Caregiving Does Not Necessarily Cause Stress
According to Peter Vitaliano, Py.D., a professor of psychiatry and psychology at the University of Washington, there never have been data actually showing caregiving causes psychological distress.
In a new study, Vitaliano and other researchers at the University of Washington examined about 1,228 female twins, some were caregivers, and some were not.
The results were somewhat surprising.
As published in the Annals of Behavioral Medicine, researchers discovered the associations between caregiving and different types of psychological distress (depression, anxiety, perceived stress, and perceived mental health) depend largely on a person’s genes and upbringing — and less so on the difficulty of caregiving.
Did the person have a history of depression before being a caregiver? If so, “caregiving may be like putting salt on the wound,” said Vitaliano.
If there’s no depression in the past, caregivers don’t seem more affected by depression than noncaregivers.
“Depression and perceived mental health are the most influenced by genes,” said Vitaliano. “Anxiety is most related to caregiving, and people who don’t get relief from anxiety are more likely to become depressed.”
“Perceived stress, meanwhile, is almost exclusively related to the kind of environment a person was raised in, not genetics or caregiver status,” he said.
If a person grows up in a home where one’s parents show lots of avoidance and fear in response to a lost job or sickness, then he or she will likely model that behavior.
Vitaliano said that these results break the long-held belief that caregiving directly causes distress. He noted that since 1953 there have been more than a thousand papers on distress among caregivers without any data showing causality.
By examining twin pairs — both monozygotic (identical from same fertilized egg) and dizygotic (fraternal from separate fertilized eggs) — University of Washington researchers assessed the extent psychological distress is related to caregiving, or confounded by common genes and environmental exposure.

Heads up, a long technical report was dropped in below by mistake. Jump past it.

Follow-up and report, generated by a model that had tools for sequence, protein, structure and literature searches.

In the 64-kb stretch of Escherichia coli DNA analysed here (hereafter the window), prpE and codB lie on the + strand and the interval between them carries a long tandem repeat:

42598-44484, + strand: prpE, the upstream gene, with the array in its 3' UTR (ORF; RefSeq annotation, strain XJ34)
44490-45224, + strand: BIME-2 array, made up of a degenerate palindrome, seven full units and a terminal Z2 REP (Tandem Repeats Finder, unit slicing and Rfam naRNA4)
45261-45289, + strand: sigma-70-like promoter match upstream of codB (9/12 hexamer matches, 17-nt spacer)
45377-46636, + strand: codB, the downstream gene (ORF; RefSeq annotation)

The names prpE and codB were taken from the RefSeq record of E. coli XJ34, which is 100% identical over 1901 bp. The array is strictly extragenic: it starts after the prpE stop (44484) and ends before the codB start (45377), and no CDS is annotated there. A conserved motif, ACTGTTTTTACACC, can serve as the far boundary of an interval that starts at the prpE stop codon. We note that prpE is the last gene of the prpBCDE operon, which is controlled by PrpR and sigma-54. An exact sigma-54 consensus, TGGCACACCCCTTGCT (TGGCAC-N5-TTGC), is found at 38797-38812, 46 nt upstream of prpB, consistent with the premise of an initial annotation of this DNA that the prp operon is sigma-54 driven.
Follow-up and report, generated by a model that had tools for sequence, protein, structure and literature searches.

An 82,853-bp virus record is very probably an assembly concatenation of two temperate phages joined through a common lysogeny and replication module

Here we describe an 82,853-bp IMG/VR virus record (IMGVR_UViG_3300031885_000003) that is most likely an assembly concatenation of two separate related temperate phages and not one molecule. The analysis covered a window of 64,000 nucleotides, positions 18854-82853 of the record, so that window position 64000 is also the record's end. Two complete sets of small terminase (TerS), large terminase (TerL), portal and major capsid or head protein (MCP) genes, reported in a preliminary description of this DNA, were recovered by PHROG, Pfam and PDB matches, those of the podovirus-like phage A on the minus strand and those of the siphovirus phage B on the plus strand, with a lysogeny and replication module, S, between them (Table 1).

The study focused exclusively on female twins (408 monozygotic and 206 dizygotic pairs), of which 188 were caregivers. Not enough male caregivers were found to be included in the analyses.
The study comes out as chronic diseases are rising rapidly and Alzheimer’s disease is called “the disease of the century” — expected to rise from 5 million victims in 2008 to 12 million in 2030. As a result, more and more people will become caregivers.
Because health care funds are limited, Vitaliano hopes that treatment interventions and policies will be targeted towards caregivers who are at the highest risk.
Vitaliano said that he had long predicted that caregiving doesn’t directly cause distress.
Based on findings for a paper he and colleagues wrote more than 20 years ago on diathesis — a Greek term for disposition or vulnerability, Vitaliano argues that psychiatric states and psychological outcomes are a function of exposure to stressors and vulnerabilities (early family environment, genetic factors, disposition).
How one responds to stressors also depends on a person’s resources (coping, social supports, income).
Vitaliano noted that his past research has also shown that caregivers’ stress hormone levels are especially high relative to other caregivers if they are high in personality dispositions such as neuroticism and disagreeableness.
He has also found that caregivers with chronic illnesses such as heart disease or cancer have more physical problems with their illnesses than do non-caregivers with chronic physical illnesses.
Nauert PhD, R. (2015). Caregiving Does Not Necessarily Cause Stress. Psych Central. Retrieved on June 1, 2016, from http://psychcentral.com/news/2014/01/31/caregiving-does-not-necessarily-cause-stress/65240.html